Top tips for selecting a dehumidifier for your greenhouse:

"A dehumidifier is one of the quickest and cheapest ways to reduce greenhouse energy consumption"

These are challenging times for greenhouse growers. The uncertainty surrounding energy, and the constantly rising prices, are driving growers everywhere to explore new ways to reduce their energy consumption. According to Ziv Shaked of Drygair, many growers already know that the most “low-hanging fruit”, regarding energy reduction, is dehumidification. "Introducing a dehumidifier is one of the quickest and cheapest ways to reduce greenhouse energy consumption right away, but choosing the right greenhouse dehumidifier is no easy task. Dehumidifiers vary in their technology, operational requirements, capacity, extraction rates, and efficiency."

According to Ziv, every dehumidifier manufacturer uses different metrics when presenting their products. "This can create a lot of confusion, making the choice much more difficult than it should be." 

To make things clearer, the company has put together the top factors growers should consider when choosing the right dehumidification system for their greenhouse:

Dehumidification Technology
The first thing that’s important to note when selecting a dehumidifier, is the type of technology. "There are two main technologies when it comes to greenhouse dehumidification – condensation-based dehumidifiers, and desiccant-based dehumidifiers," Ziv says.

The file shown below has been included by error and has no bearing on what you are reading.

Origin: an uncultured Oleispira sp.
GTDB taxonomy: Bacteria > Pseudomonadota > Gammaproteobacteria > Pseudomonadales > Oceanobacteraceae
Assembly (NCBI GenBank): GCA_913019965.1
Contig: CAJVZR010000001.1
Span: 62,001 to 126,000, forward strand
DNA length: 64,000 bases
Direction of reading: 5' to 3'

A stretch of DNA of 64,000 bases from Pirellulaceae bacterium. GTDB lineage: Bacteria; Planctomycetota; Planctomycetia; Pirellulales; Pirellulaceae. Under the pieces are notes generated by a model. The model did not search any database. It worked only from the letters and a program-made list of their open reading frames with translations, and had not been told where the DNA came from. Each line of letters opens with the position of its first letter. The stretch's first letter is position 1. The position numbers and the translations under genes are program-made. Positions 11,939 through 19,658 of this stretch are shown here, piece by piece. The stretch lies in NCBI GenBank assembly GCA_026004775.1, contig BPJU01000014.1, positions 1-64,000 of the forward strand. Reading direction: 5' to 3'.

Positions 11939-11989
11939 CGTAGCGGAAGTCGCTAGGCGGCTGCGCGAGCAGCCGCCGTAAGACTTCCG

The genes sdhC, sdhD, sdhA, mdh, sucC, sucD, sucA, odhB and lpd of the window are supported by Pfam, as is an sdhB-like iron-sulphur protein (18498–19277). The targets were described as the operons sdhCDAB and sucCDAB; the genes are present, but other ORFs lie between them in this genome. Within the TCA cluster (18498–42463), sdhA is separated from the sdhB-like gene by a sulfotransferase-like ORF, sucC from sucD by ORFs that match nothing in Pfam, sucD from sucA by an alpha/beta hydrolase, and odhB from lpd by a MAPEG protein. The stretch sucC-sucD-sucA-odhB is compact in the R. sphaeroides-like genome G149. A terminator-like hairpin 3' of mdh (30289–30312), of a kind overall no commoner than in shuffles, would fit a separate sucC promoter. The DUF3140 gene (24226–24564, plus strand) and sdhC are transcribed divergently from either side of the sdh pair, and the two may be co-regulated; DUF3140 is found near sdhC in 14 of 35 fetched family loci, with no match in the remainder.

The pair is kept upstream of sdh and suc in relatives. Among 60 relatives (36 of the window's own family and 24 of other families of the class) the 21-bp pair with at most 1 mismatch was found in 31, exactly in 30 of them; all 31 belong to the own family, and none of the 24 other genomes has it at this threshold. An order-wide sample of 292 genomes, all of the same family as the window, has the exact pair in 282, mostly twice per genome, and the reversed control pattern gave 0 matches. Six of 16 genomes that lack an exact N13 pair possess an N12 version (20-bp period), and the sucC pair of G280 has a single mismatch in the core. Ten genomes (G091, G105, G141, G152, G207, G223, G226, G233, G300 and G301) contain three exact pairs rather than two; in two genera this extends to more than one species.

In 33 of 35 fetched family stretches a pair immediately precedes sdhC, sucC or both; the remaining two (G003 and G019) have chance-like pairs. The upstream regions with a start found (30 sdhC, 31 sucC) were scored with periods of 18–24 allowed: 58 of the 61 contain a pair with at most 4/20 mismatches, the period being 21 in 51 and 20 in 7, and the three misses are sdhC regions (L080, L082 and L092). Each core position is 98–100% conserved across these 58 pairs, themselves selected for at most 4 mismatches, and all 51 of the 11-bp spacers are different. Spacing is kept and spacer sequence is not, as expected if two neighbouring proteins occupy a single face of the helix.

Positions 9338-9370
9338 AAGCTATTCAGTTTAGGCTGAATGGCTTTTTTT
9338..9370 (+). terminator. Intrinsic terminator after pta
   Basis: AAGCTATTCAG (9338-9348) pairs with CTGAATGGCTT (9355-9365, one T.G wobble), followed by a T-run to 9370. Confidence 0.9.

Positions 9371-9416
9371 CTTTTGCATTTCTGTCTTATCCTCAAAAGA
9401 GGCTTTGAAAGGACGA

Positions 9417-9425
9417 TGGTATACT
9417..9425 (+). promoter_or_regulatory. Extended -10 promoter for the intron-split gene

Condensation-based dehumidifiers, such as DryGair's, are the most common solution to greenhouse humidity control. "They don’t require any other materials to operate," Ziv points out. "So, in essence, condensation-based dehumidifiers only need an energy input to control humidity." 

Desiccant-based dehumidifiers work differently. Rather than using cooling to condense and extract water, they use a desiccant material to soak up moisture. "However, once the desiccant material runs out, it must be replaced to maintain efficacy," Ziv says. "Of course, desiccant-based dehumidifiers also require an energy input." 

Energy Efficiency
The two types of dehumidifiers operate differently, yet Ziv remarks that technology isn't the most important factor, but rather how efficiently it's used. "Energy efficiency is by far the most important metric you should use when comparing dehumidifiers. Especially during times like these, when energy prices are rising." 

To calculate the energy efficiency of a dehumidifier, simply divide the amount of water it extracts, by the amount of energy it uses. For example, DryGair’s DG-12 unit extracts 45 liters per hour, using 10 kW of electricity. That makes the efficiency – 4.5 liters per kWh.

To get the most accurate measurement, growers should always consider all energy sources. "So for example, if you use gas rather than electricity, or if your dehumidifier is connected to a heating system, you should include these sources in your efficiency calculation." 

Design Conditions
Ziv points out again how critical is to determine the energy efficiency of a dehumidifier. "But to compare different solutions, there need to be similar conditions," he adds. "Some dehumidifiers marketed to greenhouse growers aren’t actually designed for horticultural use, but rather for other industrial needs. So, despite presenting high extraction rates, they don’t actually operate in the same efficiency in real-world greenhouse conditions." 

Let’s use an example. A dehumidifier presents extraction rates of 45 liters per hour, at 26°C, and 100% relative humidity. That may sound like a lot of water. But these are far from the conditions found in a successful commercial greenhouse.

Most greenhouses maintain much cooler temperatures, around 18°C, and strive to keep humidity low, around 75-80%. Under these conditions, the dehumidifier in our example won’t be able to remove nearly as much as 45 liters per hour.

On the other hand, a dehumidifier that boasts the same extraction rate, but at design conditions of 18°C and 80%, will be able to successfully extract the presented amount of water in a real greenhouse.